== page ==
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'Battle Hymn,' 'Onward Christian Soldiers' Reprieved : Methodist Panel Retreats on Songs

July 06, 1986|RUSSELL CHANDLER | Times Religion Writer

Revising a church hymnal is a sure way to orchestrate dissonance, a national Methodist editing committee has found out.

"Onward Christian Soldiers," with its marching beat and exhortation to battle for Jesus, was considered too militaristic so the committee voted it out, along with another hymn that refers to warfare, "Battle Hymn of the Republic."

But, in a crescendo of protest, thousands of militant church members who wanted the longtime favorites included in a new songbook browbeat the committee last week into voting the hymns back in.

The hymnal editor said the controversy was the largest ever to rattle the rafters of the 9.1-million-member United Methodist Church.

"The sheer volume of response to this issue was making it impossible for the committee to go on with its work," the Rev. Carlton R. Young said. In addition, 12 regional conferences of the church took formal action last month calling for restoration of the hymns.

But militarism was not the only culprit that committee members had their eye on while scanning hymns for the new book. Special-interest groups have sung out for their causes as well.

"Good Christian Men, Rejoice," and "God Rest Ye Merry, Gentlemen" will be changed because they are too sexist. "Faith of Our Fathers" is not cut, but a footnote will suggest that martyrs , mothers or ancestors may be substituted for fathers .

Native American Objections

The Methodist committee heard objections from Native Americans about the "Pilgrim feet" in "America the Beautiful" trampling Indian rights.

And the speech-impaired found fault with the line "when failing lips grow dumb" in the hymn "O for a Thousand Tongues to Sing."

The Methodists are only the most recent of a number of denominations, including the Episcopal, Lutheran, Christian Reformed and Churches of Christ, whose hymn committees have discovered there is more to revising a hymnal than meets the ear.

While some churches rarely, if ever, adopt a new hymnal, many revise existing hymnbooks about every 20 years. The hymnal revision process may require anywhere from three to 25 years, depending on the speed of the committee and the number of songs that it is considering.

The Churches of Christ in February adopted its first completely revised hymnal in a half-century, aiming the songbook at a more "yuppie" audience by eliminating hymns with strong rural images. Thus, "Bringing in the Sheaves" is out.

"We are a city people; we need city hymns," music editor Jack Boyd explained.

The Episcopalians' "The Hymnal 1982," which has sold a million copies in the six months since its publication, eliminates male imagery of God as Father, Son and Holy Spirit, replacing it with gender-free terms such as Creator , Redeemer and Comforter . While "Rise Up, O Men of God" has been retained, it is altered to read "Rise Up, Ye Saints of God."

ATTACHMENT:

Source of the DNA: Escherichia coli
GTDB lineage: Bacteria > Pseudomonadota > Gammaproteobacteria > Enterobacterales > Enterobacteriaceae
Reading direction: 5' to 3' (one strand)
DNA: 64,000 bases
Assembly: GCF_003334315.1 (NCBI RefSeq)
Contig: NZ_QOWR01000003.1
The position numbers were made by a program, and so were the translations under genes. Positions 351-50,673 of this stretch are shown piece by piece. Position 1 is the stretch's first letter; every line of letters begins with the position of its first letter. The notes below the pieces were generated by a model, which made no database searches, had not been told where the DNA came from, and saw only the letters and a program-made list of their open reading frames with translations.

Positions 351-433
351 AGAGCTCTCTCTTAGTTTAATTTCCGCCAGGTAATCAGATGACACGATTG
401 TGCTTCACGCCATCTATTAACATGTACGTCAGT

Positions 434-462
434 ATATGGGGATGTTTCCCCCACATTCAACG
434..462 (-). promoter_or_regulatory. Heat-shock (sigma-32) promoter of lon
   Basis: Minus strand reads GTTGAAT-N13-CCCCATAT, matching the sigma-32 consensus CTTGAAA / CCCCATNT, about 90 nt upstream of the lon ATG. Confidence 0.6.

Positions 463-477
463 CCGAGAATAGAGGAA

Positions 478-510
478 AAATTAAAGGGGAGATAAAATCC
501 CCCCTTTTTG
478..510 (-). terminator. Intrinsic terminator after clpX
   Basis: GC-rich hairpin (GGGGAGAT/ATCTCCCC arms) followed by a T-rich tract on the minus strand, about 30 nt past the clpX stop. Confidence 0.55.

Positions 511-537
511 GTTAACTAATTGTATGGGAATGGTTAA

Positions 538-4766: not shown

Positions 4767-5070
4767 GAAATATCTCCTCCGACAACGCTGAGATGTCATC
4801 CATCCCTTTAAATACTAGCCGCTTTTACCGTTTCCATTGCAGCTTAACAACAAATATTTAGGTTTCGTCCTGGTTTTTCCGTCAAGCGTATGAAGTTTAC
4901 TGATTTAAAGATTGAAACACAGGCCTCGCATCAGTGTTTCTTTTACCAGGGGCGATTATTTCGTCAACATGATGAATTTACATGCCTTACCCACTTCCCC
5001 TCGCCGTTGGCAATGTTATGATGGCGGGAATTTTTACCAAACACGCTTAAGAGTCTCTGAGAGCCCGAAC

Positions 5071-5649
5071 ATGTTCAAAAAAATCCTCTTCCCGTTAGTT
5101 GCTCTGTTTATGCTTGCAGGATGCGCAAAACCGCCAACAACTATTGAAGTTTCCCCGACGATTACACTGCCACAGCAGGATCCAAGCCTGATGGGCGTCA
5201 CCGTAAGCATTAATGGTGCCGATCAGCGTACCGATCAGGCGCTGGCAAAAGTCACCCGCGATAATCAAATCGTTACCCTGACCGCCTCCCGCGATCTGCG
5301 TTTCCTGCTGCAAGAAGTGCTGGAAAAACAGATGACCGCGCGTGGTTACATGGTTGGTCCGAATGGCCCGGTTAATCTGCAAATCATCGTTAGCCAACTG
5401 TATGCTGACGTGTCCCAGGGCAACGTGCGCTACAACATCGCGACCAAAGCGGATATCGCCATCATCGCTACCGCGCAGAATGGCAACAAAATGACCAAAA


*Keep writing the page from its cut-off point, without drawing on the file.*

"Many feel we didn't go far enough with inclusive language; many felt we went too far. But we didn't change the words of the great poets," said Carol Foster, a member of the Episcopal Standing Commission on Church Music and director of music at St. John's Episcopal Church in Los Angeles.

Diversity within a denomination increases the probability of discord over hymnal revision.

A poll conducted late last year by the United Methodist Church--arguably the nation's most diverse Protestant denomination--ranked "How Great Thou Art" and "The Old Rugged Cross" as all-time favorites. But the same two hymns also topped the most-hated list.

The composition of hymns in most modern hymnals dates from hundreds of years ago to the last several decades, but many were written during the late 1800s and early part of this century.

"Your ditty may be someone else's favorite," noted Marjorie Tuell of Glendale, who chairs the Text Subcommittee of the Methodist Hymnal Revision Committee and is the wife of Methodist Bishop Jack Tuell of the California-Pacific Conference.

"Hymns are either dearly loved or badly hated," she said.

The committee's intended deletion of "Onward Christian Soldiers" and all but the chorus of "Battle Hymn of the Republic" from the proposed 1990 Methodist hymnal touched off such a cacophony that the committee called a special meeting in Nashville, Tenn., last Wednesday to tone down the uproar in the church.

Committee Reverses Itself

Barraged by countless telephone protests that jammed office phones for 10 days and by 8,000 letters--only 40 of them supporting the May 17 decision to drop the songs--the 25-member committee reversed itself, recommending that the songs be reinstated.

The vote to restore "Onward Christian Soldiers" was 21 to 3; "Battle Hymn," also known as "Mine Eyes Have Seen the Glory," was voted back in by a 19-4 vote with one abstention. The song first appeared in the Methodist hymnal of 1966. The committee chair votes only to break a tie.

After the committee originally decided to omit the songs, protesters denounced its members as anti-American, "soft-headed," and communist, Young said.

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